Frequently Asked Questions

1 » Frequently Asked Questions2

If the case is successful, won’t I benefit financially anyway?


A successful claim = up to 6 years back pay from the date we start your claim AND back pay from the date we start until the claim is resolved, approx. 5 years.

So, what might you receive?

The below examples assume a £2 difference between you and your male comparators’ hourly rates of pay.

Full time store worker 35 hours* per week

35 hrs pw x 6 yrs**= £21,840


35 hrs pw x 5 yrs***= £18,200

Total = £40,040

Part-time store worker working 25 hours* per week

 25 hrs pw x 6 yrs** = £15,600


25 hrs pw x 5 yrs*** =£13,000

Total = £28,600

At the end of the case your contract would be rewritten to ensure that your pay is not less favourable than your male comparator

For those that don’t join the claim they would get £ZERO in compensation.

*Hours are dependent on actual hours worked.

**Actual length of service at date of starting claim

***Actual length of time it takes to complete claim

Will my manager know if I bring a claim?

Head Office and their lawyers will know but it’s unlikely that anyone at your store will.

Can they sack me if I bring a claim?


When you bring a claim, you are automatically protected by law from any act of retaliation from your employer.

To make it easier to understand ‘victimisation’ we’ve created a helpful video to explain how you are protected by the law.

If we lose the claim, will we have to pay legal fees?


Unless you behave in a vexatious, abusive, disruptive or otherwise unreasonable manner, or ignore an order of the Tribunal. The employment tribunal is a cost neutral venue.  This means that win or lose both parties pay their own legal fees. The rare exception to this is if either party acts in any of the prohibited ways listed above.  In those rare circumstances costs may become payable. If you do not behave in that way you will not be at risk of paying costs.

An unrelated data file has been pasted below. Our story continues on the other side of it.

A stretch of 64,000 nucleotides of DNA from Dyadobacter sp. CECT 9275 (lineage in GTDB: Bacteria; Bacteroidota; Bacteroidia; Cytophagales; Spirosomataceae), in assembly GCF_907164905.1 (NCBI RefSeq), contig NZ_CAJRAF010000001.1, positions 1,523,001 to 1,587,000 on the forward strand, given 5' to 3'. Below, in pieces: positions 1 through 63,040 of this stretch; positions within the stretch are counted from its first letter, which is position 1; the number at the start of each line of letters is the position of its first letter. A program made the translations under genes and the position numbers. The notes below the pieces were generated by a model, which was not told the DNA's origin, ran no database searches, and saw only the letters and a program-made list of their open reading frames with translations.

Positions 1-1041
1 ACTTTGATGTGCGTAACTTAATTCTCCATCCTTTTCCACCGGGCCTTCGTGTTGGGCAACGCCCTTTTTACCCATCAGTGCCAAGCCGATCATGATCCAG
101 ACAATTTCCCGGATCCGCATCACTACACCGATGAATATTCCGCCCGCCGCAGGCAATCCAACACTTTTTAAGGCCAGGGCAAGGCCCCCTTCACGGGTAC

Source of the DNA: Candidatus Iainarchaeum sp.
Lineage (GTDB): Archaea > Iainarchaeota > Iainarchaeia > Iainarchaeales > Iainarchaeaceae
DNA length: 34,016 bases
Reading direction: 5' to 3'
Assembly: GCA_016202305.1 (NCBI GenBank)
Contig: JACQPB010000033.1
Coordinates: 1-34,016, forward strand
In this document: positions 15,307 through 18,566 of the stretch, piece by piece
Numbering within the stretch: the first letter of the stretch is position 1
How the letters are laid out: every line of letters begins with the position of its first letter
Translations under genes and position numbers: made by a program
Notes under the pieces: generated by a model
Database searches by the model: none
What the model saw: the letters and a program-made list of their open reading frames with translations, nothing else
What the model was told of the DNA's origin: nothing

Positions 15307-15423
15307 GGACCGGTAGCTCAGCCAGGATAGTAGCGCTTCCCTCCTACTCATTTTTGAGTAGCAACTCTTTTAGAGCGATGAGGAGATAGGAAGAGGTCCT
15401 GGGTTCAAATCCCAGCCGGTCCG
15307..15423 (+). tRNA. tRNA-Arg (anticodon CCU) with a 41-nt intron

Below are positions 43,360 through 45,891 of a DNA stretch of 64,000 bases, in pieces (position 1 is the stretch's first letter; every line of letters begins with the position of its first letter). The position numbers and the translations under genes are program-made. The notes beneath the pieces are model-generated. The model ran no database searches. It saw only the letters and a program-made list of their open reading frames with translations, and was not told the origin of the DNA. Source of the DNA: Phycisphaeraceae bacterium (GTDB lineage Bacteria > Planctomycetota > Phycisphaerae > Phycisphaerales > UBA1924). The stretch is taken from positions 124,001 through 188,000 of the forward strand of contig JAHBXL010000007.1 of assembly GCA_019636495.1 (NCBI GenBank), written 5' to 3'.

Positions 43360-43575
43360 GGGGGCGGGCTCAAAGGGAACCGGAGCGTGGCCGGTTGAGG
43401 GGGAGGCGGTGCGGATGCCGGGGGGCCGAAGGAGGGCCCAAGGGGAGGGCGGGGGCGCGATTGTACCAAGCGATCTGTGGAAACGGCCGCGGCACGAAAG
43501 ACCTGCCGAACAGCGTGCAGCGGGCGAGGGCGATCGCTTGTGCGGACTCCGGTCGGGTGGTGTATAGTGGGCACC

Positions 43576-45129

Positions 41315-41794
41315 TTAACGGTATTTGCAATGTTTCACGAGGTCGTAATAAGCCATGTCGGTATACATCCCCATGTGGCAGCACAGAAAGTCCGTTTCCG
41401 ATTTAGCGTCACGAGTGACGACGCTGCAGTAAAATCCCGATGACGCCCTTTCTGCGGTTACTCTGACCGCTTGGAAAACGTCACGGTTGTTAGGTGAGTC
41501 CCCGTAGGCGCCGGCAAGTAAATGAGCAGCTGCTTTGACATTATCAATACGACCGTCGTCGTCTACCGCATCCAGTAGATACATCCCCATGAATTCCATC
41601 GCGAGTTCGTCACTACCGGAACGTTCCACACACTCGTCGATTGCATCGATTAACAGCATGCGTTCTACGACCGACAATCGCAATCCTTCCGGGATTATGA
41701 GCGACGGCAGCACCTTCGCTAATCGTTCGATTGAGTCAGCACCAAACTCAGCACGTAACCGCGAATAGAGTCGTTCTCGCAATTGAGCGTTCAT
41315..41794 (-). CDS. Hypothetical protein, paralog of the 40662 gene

Can men also make a claim?

Yes – a male store worker can bring a ‘piggy-back claim’, by comparing himself with a female store worker (a ‘comparator’) who’s succeeded bringing an equal pay claim against a higher-paid male comparator.

He may also receive the same amount back pay as her.

Will the claims cost me money?

Leigh Day are running this claim on a “no win no fee” basis.

What about people who have now left?

Anyone who has left within the last 6 months can still make a claim.

When will I get my money?

Equal Pay claims can take a long time so it may well be a few years, but you will also be paid interest on some of the compensation awarded by a Tribunal.

If I am made redundant can I still bring an equal pay claim


If you are made redundant you can still bring an equal pay claim in the employment tribunal but you must do so within 6 months, less one day, of your last day of employment. For example, if you are made redundant with effect from 10 September 2020, you have until 9 March 2021 to issue a claim in the employment tribunal.

If you are made redundant and you are asked to sign any documents relating to your redundancy or your redundancy pay it is very important that you do not sign them until you have taken legal advice. You must tell your legal adviser that you have issued or intend to issue an equal pay claim.

Not yet joined the claim?

To join the claim please select your supermarket employer from the ‘Equal Pay Claims’ tab above.

Already a client?

If we are already bringing an equal pay claim on your behalf please keep us updated with any changes to your employment, in particular if you are made redundant.

How being made redundant may affect your compensation

If you are made redundant before your equal pay claim is resolved your compensation will stop accruing on your last day of employment.

If you have not yet joined the claim, remember that every day you delay joining the claim, the amount of compensation you can claim may get smaller.

For more information watch our video on how compensation will be calculated.